** UPDATE 10 APRIL – No Deal is now off the table and a long extension is looking very likely. So, for the moment, it’s business as usual! Relieved? I know we are! Hurrah! **
The ongoing Brexit shenanigans are, let’s face it, pretty pre-occupying for any British citizen.
At the time of writing there is still a huge amount of uncertainty as to the future of the UK in Europe.
We’ve received numerous questions from concerned travellers regarding how their holiday may or not be affected this summer.
In this post I cover some of the issues that may be on your mind. I also outline steps that you can take now to ensure that you can enjoy a hassle free holiday to Europe.
Flights to Europe
If you’re a British resident and have booked or are considering booking a flight for your holiday to Europe this summer, don’t worry.
According to ABTA, the Association of British Travel Agents, you have no cause for concern.
“There is nothing to suggest that you will not be able to continue with your holiday plans ….. regardless of the Brexit outcome planes will still fly between the UK and the EU.”
We would however advise you to allow extra time at the airport to pass through security as this is where there may be some delays
Ferries and Eurostar
Ferries are covered by international maritime convention and not by EU law, so there won’t be any changes to ferry services should the UK leave the EU.
There may however be traffic congestion in and around the Channel ports due to tighter security and vehicle checks, so allow extra time to get there.
It’s a similar scenario when it comes to Eurostar, who say: “We plan and expect to maintain services on the existing basis and timetable following Brexit.”
This applies to both the car-carrying shuttles and passenger trains that cross the Channel.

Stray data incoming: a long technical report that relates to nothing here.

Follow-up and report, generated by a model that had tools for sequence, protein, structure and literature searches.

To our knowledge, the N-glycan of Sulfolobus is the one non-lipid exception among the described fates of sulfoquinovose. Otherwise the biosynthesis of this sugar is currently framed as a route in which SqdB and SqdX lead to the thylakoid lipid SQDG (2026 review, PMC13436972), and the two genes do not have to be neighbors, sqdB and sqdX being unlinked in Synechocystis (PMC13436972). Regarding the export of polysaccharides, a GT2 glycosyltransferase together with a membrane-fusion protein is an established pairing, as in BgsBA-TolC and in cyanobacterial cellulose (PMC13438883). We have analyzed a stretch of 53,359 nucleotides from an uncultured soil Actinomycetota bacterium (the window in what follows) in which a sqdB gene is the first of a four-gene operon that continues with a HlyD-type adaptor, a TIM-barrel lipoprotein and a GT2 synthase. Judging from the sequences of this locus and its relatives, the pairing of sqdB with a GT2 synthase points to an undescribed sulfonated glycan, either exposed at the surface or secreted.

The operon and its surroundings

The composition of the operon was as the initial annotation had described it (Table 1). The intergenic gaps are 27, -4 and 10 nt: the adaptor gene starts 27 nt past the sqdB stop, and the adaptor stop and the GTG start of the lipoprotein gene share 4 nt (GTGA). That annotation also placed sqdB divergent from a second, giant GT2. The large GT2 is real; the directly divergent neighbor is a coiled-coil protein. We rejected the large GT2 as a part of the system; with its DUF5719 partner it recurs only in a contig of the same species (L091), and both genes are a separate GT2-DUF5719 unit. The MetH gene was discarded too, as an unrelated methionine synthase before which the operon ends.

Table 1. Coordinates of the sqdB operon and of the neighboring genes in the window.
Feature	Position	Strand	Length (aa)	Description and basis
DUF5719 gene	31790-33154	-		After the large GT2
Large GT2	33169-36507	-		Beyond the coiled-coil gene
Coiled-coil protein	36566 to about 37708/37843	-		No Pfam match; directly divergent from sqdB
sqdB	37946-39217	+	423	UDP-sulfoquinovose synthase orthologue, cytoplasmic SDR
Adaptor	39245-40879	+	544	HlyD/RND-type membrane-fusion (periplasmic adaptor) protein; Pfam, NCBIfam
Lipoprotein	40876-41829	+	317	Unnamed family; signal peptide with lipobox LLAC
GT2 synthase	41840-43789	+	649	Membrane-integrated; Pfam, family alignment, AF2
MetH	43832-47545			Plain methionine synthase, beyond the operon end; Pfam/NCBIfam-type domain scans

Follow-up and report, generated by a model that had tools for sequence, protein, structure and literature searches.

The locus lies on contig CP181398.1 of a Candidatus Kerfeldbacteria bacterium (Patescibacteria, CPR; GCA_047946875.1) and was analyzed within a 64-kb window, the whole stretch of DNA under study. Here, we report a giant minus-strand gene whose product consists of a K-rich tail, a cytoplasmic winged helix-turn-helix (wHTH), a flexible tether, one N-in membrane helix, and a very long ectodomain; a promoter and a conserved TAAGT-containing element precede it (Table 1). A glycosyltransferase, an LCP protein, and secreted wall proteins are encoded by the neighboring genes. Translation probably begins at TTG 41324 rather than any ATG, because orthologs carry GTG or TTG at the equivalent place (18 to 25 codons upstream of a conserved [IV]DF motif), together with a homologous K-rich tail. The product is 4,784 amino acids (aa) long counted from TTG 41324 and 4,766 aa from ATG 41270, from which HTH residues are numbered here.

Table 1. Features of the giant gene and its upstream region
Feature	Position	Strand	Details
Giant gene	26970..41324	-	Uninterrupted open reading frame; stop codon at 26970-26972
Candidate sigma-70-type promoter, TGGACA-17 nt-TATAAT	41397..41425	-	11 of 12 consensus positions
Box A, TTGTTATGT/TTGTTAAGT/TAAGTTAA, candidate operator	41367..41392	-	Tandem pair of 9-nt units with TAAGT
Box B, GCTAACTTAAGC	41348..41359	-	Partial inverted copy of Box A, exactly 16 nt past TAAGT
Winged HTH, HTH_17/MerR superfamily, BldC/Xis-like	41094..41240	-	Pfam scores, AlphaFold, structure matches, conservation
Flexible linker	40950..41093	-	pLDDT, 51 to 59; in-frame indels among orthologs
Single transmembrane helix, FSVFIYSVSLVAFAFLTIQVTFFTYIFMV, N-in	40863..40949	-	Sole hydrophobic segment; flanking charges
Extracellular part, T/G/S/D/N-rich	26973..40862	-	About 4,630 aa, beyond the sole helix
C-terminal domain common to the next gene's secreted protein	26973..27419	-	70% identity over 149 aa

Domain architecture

Travelling on a UK passport post Brexit
Should the UK end up leaving the EU in the coming months, you will need to ensure that your UK passport still has 6 months validity remaining on your date of travel.
Check your passport now and, if needs be, apply for a renewal on the Government’s website
Will I need a Visa post Brexit?
UK nationals won’t require a visa provided their stay in Europe doesn’t exceed 90 days.
However, UK citizens will be considered as third country nationals and in the future (probably in 2021), may require a visa waiver to travel to EU member states.
This will be under the European Travel Information and Authorisation System (ETIAS) and will cost 7€ per person.
Driving in Europe post Brexit
Regardless of the Brexit outcome, if you are planning on driving or renting a car in Europe this summer then we would urge you to apply for an International Driving Permit.
You can find full details of what permit to apply for on this link
Note that Spain requires a different permit to France, so if you’re coming on one of our adventure holidays in the Pyrenees that may require you to drive in Spain, take note.
It’s a simple process and you can apply at any main UK Post Office.
You’ll need to take your driving licence, a passport-sized photo and your passport and the licence is issued on the spot. It only costs £5.50.
Green card car insurance
If you’re taking your own car to Europe after the UK leaves the EU, you’ll need to ask your insurer to issue you with a green card.
This is an international certificate of insurance which guarantees that you have the necessary minimum motor insurance cover for the countries in which you’ll be driving.
If you’re coming to the Pyrenees on one of our adventure holidays do make sure the green card mentions Spain as well as France.
You can find comprehensive information about the green card on the website of the Motor Insurers Bureau website.
Regardless of the Brexit outcome, with a degree of planning and fore-thought, there’s no reason why you can’t enjoy that summer holiday to Europe that you’ve been looking forward to.
We’ll keep an eye out for any changes to the above advice and update this post as required over the coming months.
In the meantime, if you have anything to add please leave us a comment below.